Get outside, expose yourself to natural sunlight, fresh air and a stimulating environment. Do some light exercise like going for a walk or doing some stretches. Talk to people, watch or read something funny to make you laugh or just generally do something stimulating that you enjoy.

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12. When in rome…

…eat when the Romans do. Resist the urge to eat a full meal when it isn’t the correct local time. By all means snack if you must, and drink plenty of water, but try force yourself into the eating schedule of your destination. Your body will have an easier time adapting to its new environment with mealtimes as a point of reference.

With a little planning and a little more willpower, jet-lag can be a thing of the past!

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Last Updated on November 19, 2019

20 Time Management Tips to Super Boost Your Productivity

20 Time Management Tips to Super Boost Your Productivity

Are you usually punctual or late? Do you finish things within the time you stipulate? Do you hand in your reports/work on time? Are you able to accomplish what you want to do before deadlines? Are you a good time manager?

If your answer is “no” to any of the questions above, that means you’re not managing your time as well as you want. Here are 20 time management tips to help you manage time better:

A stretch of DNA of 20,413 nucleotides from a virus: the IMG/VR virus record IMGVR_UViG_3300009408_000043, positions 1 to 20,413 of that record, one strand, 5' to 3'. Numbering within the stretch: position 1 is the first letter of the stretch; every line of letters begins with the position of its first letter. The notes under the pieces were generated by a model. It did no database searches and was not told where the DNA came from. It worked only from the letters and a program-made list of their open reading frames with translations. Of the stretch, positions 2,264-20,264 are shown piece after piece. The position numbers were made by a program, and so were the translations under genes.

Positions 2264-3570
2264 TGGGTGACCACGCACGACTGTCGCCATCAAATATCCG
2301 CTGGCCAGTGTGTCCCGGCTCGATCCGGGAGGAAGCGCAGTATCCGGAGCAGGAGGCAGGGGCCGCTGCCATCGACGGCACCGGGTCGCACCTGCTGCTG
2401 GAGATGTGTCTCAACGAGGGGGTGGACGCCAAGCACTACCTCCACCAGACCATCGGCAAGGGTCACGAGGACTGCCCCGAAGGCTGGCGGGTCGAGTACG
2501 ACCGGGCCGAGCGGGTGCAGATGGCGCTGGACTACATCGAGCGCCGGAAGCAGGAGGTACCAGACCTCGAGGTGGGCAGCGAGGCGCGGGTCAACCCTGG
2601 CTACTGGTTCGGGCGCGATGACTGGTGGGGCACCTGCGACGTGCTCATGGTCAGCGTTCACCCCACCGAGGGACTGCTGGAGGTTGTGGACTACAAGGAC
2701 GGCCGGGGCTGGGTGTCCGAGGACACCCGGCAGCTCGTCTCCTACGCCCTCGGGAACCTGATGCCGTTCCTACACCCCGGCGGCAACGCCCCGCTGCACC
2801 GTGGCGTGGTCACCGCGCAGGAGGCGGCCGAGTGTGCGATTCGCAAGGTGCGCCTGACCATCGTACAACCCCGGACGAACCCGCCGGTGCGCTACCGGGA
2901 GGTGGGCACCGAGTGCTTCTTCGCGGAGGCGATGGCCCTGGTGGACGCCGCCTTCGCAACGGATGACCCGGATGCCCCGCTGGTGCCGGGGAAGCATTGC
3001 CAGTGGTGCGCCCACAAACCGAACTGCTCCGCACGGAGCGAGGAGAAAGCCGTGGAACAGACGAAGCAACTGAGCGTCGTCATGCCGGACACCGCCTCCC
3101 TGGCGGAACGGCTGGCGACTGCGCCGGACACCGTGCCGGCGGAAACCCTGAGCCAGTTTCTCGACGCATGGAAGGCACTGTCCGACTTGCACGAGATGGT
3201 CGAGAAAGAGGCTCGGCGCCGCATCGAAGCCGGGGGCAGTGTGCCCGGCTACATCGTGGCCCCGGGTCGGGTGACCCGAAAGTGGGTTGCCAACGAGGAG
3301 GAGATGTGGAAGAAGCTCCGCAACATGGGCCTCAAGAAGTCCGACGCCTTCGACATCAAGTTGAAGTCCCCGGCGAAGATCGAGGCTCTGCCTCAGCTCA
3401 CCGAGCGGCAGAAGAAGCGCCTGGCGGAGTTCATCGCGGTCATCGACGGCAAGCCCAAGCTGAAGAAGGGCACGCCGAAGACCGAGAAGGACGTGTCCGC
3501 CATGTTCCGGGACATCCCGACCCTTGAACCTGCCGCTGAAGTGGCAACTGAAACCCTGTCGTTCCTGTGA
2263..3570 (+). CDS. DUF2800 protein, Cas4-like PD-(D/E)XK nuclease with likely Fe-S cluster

1. Create a Daily Plan

Plan your day before it unfolds. Do it in the morning or even better, the night before you sleep. The plan gives you a good overview of how the day will pan out. That way, you don’t get caught off guard. Your job for the day is to stick to the plan as best as possible.

2. Peg a Time Limit to Each Task

Be clear that you need to finish X task by 10am, Y task by 3pm, and Z item by 5:30pm. This prevents your work from dragging on and eating into time reserved for other activities.

3. Use a Calendar

Having a calendar is the most fundamental step to managing your daily activities. If you use outlook or lotus notes, calendar come as part of your mailing software.

I use it. It’s even better if you can sync your calendar to your mobile phone and other hardwares you use – that way, you can access your schedule no matter where you are. Here’re the 10 Best Calendar Apps to Stay on Track .

Find out more tips about how to use calendar for better time management here: How to Use a Calendar to Create Time and Space

4. Use an Organizer

An organizer helps you to be on top of everything in your life. It’s your central tool to organize information, to-do lists, projects, and other miscellaneous items.

These Top 15 Time Management Apps and Tools can help you organize better, pick one that fits your needs.

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5. Know Your Deadlines